Keebler Limited Batch Birthday Cake Fudge Stripes Cookies

During the 45 years or so of the Cold War, the United States and Soviet Union built up massive quantities of nuclear weapons in an effort to counter each other and become the world’s leading super power.

Each had their own spheres of influence, but since separate hemispheres weren’t enough, both nations just kept building more and bigger missiles until one couldn’t keep up any longer.

A quarter century after the Berlin Wall fell, another arms race is occurring. The good news is that the entire existence of the human race is no longer at stake. The bad news is that we are all going to get massively obese.

It’s a trade I am totally cool with.

Gone are the days when Oreo was content with being the world’s leading chocolate sandwich cookie; likewise, Keebler’s elves aspire to an empire greater than just fudge covered shortbreads. The two companies have fought for cookie supremacy in recent limited time offerings of red velvet and pumpkin spice, but the latest flashpoint in the great cookie conflict is one flavor that I never get tired of celebrating: Birthday Cake.

While I give the elves credit for creating a cookie that has all three traditional elements of birthday cake (sprinkles, frosting, and uh, “cake”) I do need to point out that the box artwork features a cupcake. At first I thought this was just a celebration of portion control, but since the package also happens to be non-resalable — thus increasing my chances of inhaling all the cookies in one sitting — I realize the elves probably just suck at making distinctions.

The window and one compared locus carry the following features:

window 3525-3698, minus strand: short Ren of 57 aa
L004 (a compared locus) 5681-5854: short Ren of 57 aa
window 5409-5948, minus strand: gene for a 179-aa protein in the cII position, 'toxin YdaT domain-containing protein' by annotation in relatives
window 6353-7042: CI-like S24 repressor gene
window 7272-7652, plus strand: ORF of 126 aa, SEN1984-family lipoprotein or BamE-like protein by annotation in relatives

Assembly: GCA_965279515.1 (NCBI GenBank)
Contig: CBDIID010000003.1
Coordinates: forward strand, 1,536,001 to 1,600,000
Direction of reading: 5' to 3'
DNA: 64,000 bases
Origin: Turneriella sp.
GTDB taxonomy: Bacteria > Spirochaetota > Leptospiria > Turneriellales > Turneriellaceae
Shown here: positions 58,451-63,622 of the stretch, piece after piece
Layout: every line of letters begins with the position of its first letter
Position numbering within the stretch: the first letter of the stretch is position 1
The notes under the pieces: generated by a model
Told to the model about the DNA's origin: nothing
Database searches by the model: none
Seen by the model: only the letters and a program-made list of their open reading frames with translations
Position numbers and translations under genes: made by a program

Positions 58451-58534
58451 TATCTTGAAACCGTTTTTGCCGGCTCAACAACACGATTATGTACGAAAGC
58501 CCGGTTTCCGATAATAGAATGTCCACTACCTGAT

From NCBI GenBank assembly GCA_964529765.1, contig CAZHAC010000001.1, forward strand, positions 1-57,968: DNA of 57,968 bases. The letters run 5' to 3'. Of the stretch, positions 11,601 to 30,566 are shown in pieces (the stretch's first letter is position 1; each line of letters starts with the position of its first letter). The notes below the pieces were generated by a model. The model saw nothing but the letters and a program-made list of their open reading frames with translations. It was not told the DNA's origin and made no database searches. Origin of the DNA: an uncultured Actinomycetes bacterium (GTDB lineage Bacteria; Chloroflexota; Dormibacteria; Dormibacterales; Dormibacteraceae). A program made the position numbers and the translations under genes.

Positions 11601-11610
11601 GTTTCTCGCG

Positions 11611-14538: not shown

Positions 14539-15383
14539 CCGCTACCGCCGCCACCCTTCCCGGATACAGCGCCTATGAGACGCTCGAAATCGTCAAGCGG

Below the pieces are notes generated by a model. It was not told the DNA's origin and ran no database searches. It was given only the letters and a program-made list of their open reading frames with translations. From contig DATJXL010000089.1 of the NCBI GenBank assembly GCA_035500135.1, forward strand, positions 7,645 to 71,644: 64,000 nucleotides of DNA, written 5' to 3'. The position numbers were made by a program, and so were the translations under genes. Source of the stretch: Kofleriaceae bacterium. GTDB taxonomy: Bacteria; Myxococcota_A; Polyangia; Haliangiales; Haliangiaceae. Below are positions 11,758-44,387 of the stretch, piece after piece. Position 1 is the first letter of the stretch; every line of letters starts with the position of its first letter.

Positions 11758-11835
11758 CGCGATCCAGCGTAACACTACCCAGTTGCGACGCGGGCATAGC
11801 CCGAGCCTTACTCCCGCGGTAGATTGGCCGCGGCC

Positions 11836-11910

I, however, do not. And to be sure, the distinction of Birthday Cake vs. Cupcake is one I take seriously. If you show me a cupcake, I expect the frosting to steal the show. That’s not the case with these cookies, though.

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Oh, I mean the shortbread element is fine. It’s buttery with a delectably fine crumb and the non-overpowering element of sweetness I admire about the original Fudge Stripe.

But whereas the original Fudge Stripe can get away with a faux-chocolate glaze that works to balance the shortbread, the frosting glaze on the latest batch of shortbread just tastes like that generic palm oil glaze we’ve all had a million times. It’s not buttercream frosting; it’s not cream cheese frosting; it’s not even a damn Swiss meringue. It’s just way too sweet, and lacks that luscious mouthfeel of an actual frosting element. Likewise, it’s cut off from the sprinkles, which themselves lack the crunchy contrast I want buried in frosting.

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Fortunately, since my pantry is always willing to celebrate an actual birthday, I had some rainbow chip frosting handy. Now, while I realize this stuff would be good on anything from pancakes to Ritz crackers, I did find it especially wonderful when stuffed between the Fudge Stripe Birthday Cake cookies.

Biting through the crunchy shortbread into actual, sprinkled-filled frosting — even in an artificial, shelf-stable form — reminded me of Oreo’s birthday cake attempt and how providing just a level of textural contrast can go a long way to really making a birthday cake-flavored product worth the purchase.